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A Novel Cognitive Reappraisal Intervention for Suicide Prevention (NCT03026127)

Stanford University
Stony Brook University
The goal of this project is to refine and test a novel emotion-regulation based psychosocial intervention designed to reduce suicide risk in middle-aged and older adults (50-90 years old) who have been discharged after a suicide-related hospitalization (i.e. for suicidal ideation or suicide attempt). Suicide rates in this group are alarmingly high, and reducing suicide rates in at-risk populations is a major NIMH priority.
  • Behavioral: Cognitive Reappraisal Intervention for Suicide Prevention
    Cognitive Reappraisal Intervention for Suicide Prevention, or CRISP, is a psychosocial intervention aimed to reduce suicide risk in middle-aged and older adults who have been hospitalized for suicidal ideation or suicide attempt. CRISP offers a combination of emotion regulation techniques, including changing the subject's perspective or the way he/she thinks to improve emotion reactions. Additional strategies taught include the provision of environmental adaptation tools (notes, checklists, calendars, etc), phone calls, and a tablet application called WellPATH.
    • CRISP
  • Behavioral: Supportive Therapy
    ST focuses on: 1. facilitating expression of affect; 2. conveying to the patient that he or she is understood; 3. offering empathy; and 4. highlighting positive experiences. The ST manual aims to standardize nonspecific therapeutic factors
    • ST
Ages eligible for Study
50 Years to 90 Years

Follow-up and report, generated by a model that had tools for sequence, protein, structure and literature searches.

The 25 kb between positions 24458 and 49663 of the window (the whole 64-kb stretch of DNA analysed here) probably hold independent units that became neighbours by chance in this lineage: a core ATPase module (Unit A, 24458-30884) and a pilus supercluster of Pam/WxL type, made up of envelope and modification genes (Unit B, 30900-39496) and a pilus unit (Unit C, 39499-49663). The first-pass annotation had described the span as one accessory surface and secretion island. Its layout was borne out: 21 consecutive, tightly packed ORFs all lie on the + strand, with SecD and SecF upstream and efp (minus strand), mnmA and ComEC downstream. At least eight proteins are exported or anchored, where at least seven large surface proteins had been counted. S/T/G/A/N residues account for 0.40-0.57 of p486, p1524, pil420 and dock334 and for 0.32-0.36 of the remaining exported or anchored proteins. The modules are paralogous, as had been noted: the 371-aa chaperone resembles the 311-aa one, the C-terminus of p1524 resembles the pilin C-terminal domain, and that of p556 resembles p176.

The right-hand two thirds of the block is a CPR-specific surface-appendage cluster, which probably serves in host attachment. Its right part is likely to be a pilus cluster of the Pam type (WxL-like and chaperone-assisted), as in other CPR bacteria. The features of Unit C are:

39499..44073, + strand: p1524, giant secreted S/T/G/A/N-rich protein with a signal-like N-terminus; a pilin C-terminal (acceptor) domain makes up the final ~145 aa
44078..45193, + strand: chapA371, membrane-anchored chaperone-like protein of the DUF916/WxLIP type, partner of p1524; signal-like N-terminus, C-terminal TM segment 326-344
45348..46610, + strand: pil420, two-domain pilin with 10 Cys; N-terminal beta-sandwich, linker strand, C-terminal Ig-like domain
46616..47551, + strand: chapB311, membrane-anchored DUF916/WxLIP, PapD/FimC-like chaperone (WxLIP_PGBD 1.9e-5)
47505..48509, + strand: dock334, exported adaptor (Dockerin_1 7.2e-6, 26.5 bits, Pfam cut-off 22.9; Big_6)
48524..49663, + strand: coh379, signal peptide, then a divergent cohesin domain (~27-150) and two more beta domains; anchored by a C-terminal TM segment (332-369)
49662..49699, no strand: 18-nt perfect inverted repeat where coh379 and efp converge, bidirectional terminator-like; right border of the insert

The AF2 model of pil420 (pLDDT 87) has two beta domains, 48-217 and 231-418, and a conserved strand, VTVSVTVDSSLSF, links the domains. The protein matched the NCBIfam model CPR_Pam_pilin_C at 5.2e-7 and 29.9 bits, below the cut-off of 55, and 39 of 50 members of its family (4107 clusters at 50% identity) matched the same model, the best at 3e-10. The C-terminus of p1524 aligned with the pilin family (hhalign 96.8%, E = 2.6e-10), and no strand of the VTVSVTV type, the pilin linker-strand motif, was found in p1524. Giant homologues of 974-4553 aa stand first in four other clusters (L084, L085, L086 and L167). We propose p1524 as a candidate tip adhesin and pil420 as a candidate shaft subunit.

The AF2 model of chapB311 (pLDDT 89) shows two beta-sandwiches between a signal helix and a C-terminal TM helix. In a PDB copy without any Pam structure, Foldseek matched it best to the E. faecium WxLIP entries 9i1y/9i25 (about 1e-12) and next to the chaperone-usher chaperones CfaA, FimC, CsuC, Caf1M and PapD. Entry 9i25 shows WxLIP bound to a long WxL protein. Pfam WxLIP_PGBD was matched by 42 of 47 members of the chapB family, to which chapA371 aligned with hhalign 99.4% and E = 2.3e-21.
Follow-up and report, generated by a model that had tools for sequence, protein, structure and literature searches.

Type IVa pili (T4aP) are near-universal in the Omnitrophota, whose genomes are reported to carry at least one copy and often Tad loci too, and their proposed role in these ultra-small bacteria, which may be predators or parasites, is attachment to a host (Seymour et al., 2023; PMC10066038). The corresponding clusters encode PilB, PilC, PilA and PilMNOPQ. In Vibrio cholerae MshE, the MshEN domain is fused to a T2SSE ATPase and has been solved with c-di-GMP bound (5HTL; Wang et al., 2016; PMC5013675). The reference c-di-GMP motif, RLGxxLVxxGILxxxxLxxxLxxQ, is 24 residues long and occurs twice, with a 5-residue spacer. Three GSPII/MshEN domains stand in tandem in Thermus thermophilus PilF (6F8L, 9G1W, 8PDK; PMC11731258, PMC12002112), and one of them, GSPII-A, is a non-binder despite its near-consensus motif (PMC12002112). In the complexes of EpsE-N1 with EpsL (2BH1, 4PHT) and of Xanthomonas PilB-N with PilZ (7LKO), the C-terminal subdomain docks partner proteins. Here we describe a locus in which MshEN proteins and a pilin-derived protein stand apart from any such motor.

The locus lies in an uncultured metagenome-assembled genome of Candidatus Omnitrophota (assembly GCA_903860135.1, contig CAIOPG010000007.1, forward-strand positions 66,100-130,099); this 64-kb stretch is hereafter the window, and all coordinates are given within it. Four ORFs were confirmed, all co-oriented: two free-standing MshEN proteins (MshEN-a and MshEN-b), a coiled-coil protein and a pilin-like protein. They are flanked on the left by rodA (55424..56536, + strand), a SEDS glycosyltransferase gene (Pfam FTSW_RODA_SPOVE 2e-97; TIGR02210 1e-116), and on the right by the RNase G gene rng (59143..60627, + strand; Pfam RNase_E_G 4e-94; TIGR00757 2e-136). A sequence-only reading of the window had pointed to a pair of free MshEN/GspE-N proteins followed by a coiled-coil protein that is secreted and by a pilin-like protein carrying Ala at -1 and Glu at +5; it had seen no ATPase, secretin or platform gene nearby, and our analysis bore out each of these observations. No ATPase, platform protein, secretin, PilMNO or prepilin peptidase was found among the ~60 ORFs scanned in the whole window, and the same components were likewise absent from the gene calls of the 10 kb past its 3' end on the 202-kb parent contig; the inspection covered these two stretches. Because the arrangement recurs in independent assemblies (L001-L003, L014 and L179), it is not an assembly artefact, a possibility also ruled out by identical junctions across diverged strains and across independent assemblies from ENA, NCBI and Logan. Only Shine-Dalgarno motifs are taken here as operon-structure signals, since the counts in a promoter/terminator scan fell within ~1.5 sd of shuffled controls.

Genders eligible for Study
All
Accepts Healthy Volunteers
No
Inclusion Criteria:
  • 50 years and older
  • Diagnosis (based on SCID-5 Clinical Trials Version to assess DSM-5 diagnoses): Any DSM-5 depression or anxiety diagnosis, including major depressive disorder, bipolar depression, depressive disorder Not Elsewhere Classified, anxiety disorder Not Elsewhere Classified, adjustment disorder with anxiety and depressed mood (but without any of the diagnoses shown under Exclusion Criteria)
  • Recent hospitalization for suicidal ideation or suicide attempt. At hospital admission, Columbia Suicide Severity Rating Scale greater or equal to 3, "Active Suicidal Ideation with any methods or a suicide attempt."
  • Patients with any degree of suicidal ideation at discharge (Columbia Suicide Severity Rating greater or equal to 0) will be included.
  • We will also include patients on psychotropics and on after-care community psychotherapy.
Exclusion Criteria:
  • History or current diagnosis of Psychotic Disorders; Current Diagnosis of Bipolar I or Bipolar II, with current episode hypomanic, manic or mixed; Diagnosis of Dementia.
  • Cognitive Impairment: We will exclude participants with Mini Mental State Exam less than 24.
  • Acute or severe medical illness (i.e. delirium; decompensated cardiac, liver, or kidney failure; major surgery; stroke or myocardial infarction during the three months prior to entry.
  • Aphasia, sensory problems, and/or inability to speak English.